A European trend existed in the late 1980s: Several European economies were at a critical turning point, and there were two different approaches: The first one was a model put into practice in Britain by Margaret Thatcher, the economic approach of the New Right. A harsh and mainly neo-liberal strategy of confrontation against the trade unions, aimed at the very core of wage-negotiation: Battered and weakened trade unions were to take what was given to them rather than acting as representatives on the employees’ behalf. An authoritarian state acted on the employers’ part and protected industry from employees’ demands rather than protecting a population from the concentrated economic force of private industry. Some commentators were rather astonished by Ireland’s development and perhaps even a little disappointed that Ireland had delivered evidence that the economic concept of the New Right was not without alternatives: “This is an Irish miracle. But an example to us all? An uncomfortable one, if you share the conventional Euro-wisdom. The Irish miracle owes nothing to tax cuts, deregulation or privatisation. (…) The main utilities are still publicly owned. Cost inflation has been controlled not by competition or tight money, but by a successful incomes policy.”[3]

The Irish model was similar to the Scandinavian one. It included social partnership deals and saw a government in the diplomatic (but threatening) role of a powerful moderator, who would exclude any uncooperative member from the deal at any time, this model being opposed the union-crushing image of the Iron Lady. The second model was the one used in Ireland.[4] Rather than going into too much detail about Irish economic policy in the late 1980s and early 1990s the next chapter will deal with further factors for Ireland’s boom economy in the 1990s.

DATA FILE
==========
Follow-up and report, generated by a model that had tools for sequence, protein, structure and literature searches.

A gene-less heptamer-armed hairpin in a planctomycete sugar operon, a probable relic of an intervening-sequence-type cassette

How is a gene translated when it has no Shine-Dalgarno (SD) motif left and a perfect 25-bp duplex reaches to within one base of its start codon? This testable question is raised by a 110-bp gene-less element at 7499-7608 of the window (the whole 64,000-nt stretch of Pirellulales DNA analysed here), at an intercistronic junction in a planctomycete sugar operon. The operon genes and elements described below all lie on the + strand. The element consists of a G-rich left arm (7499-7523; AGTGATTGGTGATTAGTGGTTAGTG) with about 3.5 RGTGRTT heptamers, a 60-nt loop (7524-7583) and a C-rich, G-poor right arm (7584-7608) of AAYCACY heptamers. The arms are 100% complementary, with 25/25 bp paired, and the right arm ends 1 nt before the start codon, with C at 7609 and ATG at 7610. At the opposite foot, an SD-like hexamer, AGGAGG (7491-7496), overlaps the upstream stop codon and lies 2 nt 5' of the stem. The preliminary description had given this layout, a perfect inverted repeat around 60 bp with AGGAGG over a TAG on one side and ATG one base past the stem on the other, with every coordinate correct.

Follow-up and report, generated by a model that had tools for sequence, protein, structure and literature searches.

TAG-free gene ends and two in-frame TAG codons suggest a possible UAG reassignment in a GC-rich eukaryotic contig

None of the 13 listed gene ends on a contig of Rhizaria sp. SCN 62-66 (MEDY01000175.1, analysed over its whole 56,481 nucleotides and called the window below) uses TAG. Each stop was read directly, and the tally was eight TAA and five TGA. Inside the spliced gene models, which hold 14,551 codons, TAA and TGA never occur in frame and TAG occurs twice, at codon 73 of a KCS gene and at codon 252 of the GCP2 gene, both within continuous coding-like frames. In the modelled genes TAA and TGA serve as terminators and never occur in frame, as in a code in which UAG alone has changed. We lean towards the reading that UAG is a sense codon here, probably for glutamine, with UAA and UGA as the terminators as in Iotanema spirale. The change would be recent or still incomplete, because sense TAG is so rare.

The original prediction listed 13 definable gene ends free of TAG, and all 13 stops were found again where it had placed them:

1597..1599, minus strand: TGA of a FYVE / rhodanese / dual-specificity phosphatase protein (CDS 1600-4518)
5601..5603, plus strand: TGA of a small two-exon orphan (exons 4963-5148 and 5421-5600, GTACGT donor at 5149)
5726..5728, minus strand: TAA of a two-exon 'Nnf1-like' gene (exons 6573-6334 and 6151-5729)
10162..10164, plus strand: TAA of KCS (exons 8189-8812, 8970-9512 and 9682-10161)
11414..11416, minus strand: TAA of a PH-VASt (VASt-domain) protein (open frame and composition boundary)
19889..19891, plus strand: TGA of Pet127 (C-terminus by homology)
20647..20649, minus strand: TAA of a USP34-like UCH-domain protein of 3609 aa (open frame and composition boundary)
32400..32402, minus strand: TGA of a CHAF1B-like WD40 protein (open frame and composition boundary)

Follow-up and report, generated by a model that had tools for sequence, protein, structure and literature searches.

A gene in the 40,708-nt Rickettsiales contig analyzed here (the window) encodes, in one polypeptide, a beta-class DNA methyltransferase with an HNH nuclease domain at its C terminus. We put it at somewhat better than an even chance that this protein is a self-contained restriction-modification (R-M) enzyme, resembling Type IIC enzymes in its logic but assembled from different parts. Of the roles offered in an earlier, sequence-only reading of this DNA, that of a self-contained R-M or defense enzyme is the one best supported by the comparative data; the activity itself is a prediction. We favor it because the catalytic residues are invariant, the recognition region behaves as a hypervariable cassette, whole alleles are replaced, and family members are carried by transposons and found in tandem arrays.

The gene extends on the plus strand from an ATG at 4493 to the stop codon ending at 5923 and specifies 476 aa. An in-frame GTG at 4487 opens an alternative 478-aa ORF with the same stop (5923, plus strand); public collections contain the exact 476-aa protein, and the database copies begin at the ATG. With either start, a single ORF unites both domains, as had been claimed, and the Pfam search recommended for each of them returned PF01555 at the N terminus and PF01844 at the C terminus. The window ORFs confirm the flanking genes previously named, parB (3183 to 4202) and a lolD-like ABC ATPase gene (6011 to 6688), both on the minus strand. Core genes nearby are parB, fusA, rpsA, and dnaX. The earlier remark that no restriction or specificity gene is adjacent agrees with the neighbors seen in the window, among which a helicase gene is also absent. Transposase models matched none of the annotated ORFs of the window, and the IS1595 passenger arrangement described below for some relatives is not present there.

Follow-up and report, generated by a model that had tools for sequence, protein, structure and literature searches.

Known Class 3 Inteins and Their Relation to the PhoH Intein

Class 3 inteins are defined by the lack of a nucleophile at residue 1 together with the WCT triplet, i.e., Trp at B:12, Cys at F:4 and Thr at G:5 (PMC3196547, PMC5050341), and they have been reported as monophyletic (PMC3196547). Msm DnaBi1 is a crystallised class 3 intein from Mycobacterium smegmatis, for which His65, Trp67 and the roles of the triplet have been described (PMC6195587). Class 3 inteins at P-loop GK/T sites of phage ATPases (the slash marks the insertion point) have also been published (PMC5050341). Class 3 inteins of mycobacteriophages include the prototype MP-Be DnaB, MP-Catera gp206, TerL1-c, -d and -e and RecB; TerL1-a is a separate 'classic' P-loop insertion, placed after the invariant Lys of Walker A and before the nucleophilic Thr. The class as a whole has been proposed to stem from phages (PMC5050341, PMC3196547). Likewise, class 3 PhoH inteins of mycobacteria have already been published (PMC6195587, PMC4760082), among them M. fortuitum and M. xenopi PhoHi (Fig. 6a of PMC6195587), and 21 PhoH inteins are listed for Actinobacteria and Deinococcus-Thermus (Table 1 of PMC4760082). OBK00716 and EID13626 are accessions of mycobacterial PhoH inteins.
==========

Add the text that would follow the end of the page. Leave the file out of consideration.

2.3 Ireland and Foreign Markets

US-companies made major investments in the 1990s. The IT-sector and the pharmaceutical branch grew especially quickly. It was a good deal for US-investors and Trans-National Corporations (TNCs): Ireland offered a fairly well educated, English-speaking labour-force at a competitive price, tax-reductions were given by the Irish Government on corporation tax rates (10% in 1992), which were already extremely low since tax reform had been introduced earlier on.[5]


[1] These figures bare alarming resemblance to Germany today: 25 % of the national budget are needed to service interest on national debt, the total sum of the German national debt has built up to € 1,3 trillion, for further reference see DER SPIEGEL 15th March 2004.

[2] R. MacSharry: The Making of The Celtic Tiger. The Inside Story of Ireland’s Boom Economy, p.125.

[3] A. Harris, THE TIMES, 13th November 1996.

[4] P. Sweeney, The Celtic Tiger. Ireland’s Continuing Economic Miracle, Dublin 21999, p. 129.

[5] D. O’Hearn: Macroeconomic Policy in the Celtic Tiger: A Critical Reassessment, in: C. Coulter, S. Coleman (eds): The End of History. Critical Reflections on the Celtic Tiger, Manchester 2003, p. 37.


ISBN (eBook)
ISBN (Buch)
476 KB
Institution / Hochschule
Ruprecht-Karls-Universität Heidelberg – Anglistisches Seminar
Celtic Tiger Immigration Racism Ireland



Titel: The 1990s: The Celtic Tiger, Immigration, and Racism in Ireland